After reading about Marilyn Monroe and watching some of her movies over her birthday weekend, I felt like sharing these video clips.
Marilyn sang on Saturday, May 19, 1962, for President John F. Kennedy at a celebration of his 45th birthday, 10 days before his actual birthday (Tuesday, May 29).
Marilyn sings in “Some Like It Hot,” from 1959, directed by Billy Wilder.
Marilyn sings “Diamonds are a Girl’s Best Friend” in the musical “Gentlemen Prefer Blondes,” directed by Howard Hawks and choreographed by Jack Cole. To read more about Cole and his career, visit dance critic Debra Levine’s wonderful arts meme.
And, while reading about Marilyn, I was struck by her insightful notes on Fox’s final cut of “The Prince and the Showgirl” (1957, Laurence Olivier): “I am afraid that as it stands it will not be as successful as the version all of us agreed was so fine. Especially in the first third of the picture the pacing has been slowed and one comic point after another has been flattened out by substituting inferior takes with flatter performances lacking the energy and brightness that you saw in New York. Some of the jump cutting kills the points, as in the fainting scene.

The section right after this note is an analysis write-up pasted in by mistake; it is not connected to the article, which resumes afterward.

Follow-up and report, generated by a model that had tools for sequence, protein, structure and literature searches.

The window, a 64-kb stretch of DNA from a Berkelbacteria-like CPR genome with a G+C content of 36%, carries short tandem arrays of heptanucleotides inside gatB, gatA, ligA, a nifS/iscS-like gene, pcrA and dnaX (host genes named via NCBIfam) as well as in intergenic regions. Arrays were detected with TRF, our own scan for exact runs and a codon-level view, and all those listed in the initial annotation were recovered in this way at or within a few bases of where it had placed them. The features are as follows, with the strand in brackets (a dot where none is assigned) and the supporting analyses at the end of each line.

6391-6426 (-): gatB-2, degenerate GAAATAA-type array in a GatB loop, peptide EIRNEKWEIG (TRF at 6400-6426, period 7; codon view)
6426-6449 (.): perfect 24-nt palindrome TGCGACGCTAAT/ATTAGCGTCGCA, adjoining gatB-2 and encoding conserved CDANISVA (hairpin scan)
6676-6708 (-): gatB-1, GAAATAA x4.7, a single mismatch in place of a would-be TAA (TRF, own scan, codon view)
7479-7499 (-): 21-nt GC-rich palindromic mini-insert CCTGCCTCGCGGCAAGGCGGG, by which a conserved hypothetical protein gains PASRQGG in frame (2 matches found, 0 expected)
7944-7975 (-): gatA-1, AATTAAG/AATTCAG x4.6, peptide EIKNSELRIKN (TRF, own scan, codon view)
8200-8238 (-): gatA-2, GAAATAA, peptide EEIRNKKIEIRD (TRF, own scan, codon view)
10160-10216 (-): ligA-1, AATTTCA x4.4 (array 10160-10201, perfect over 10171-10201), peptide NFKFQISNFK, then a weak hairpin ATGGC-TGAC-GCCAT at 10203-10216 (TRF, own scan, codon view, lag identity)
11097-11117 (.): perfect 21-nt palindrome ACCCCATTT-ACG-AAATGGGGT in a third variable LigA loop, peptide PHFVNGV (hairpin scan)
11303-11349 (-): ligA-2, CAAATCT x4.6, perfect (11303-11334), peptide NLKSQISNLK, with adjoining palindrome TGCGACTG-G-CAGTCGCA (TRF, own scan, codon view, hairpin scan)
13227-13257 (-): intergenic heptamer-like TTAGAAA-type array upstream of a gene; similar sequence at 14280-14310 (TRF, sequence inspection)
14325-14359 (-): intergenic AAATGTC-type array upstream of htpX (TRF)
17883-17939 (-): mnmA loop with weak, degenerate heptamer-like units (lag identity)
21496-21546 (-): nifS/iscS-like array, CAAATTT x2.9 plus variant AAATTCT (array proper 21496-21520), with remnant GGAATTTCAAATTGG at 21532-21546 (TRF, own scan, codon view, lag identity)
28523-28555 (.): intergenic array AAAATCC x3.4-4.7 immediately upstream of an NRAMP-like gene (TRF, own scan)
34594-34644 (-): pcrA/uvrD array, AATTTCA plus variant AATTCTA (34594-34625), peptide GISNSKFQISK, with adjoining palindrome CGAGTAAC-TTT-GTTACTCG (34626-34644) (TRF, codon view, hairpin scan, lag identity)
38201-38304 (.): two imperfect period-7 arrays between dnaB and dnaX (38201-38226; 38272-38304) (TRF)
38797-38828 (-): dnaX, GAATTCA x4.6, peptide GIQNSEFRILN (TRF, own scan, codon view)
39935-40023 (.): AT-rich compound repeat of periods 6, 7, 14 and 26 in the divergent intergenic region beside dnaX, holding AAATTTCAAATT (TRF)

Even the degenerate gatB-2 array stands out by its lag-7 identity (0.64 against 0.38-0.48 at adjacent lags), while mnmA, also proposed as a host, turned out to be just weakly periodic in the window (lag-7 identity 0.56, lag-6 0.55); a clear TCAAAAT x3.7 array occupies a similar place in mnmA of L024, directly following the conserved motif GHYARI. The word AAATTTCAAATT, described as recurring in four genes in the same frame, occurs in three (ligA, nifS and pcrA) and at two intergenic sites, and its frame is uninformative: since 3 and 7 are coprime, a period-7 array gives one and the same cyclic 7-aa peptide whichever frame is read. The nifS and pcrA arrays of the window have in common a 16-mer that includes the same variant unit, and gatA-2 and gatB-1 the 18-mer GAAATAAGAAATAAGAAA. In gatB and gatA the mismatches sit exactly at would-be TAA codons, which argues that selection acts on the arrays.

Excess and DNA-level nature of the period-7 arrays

“The coronation is as long as before if not longer, and the story gets lost in it. American audiences are not as moved by stained glass windows as the British are, and we threaten them with boredom. I am amazed that so much of the picture has no music at all when the idea was to make a romantic picture. We have enough film to make a great movie, if only it will be as in the earlier version. I hope you will make every effort to preserve our picture.”
In the end, no changes were made to the picture.
From “The Secret Life of Marilyn Monroe” by J. Randy Taraborrelli
(Note: Film noir horoscopes will return next month.)
For what would have been Marilyn Monroe’s 86th birthday, I’ve compiled quotations from her and about her. If you have a favorite quotation from or about MM, please send it and I will add it to the list. I have credited the photographers wherever possible; copyright of all photos belongs to the photographers and/or their estates/representatives. (Note: Film noir horoscopes will return next month.)
FROM MARILYN …
“The real lover is the man who can thrill you by touching your head or smiling into your eyes or just staring into space.”
“I love champagne – just give me champagne and good food, and I’m in heaven and love.”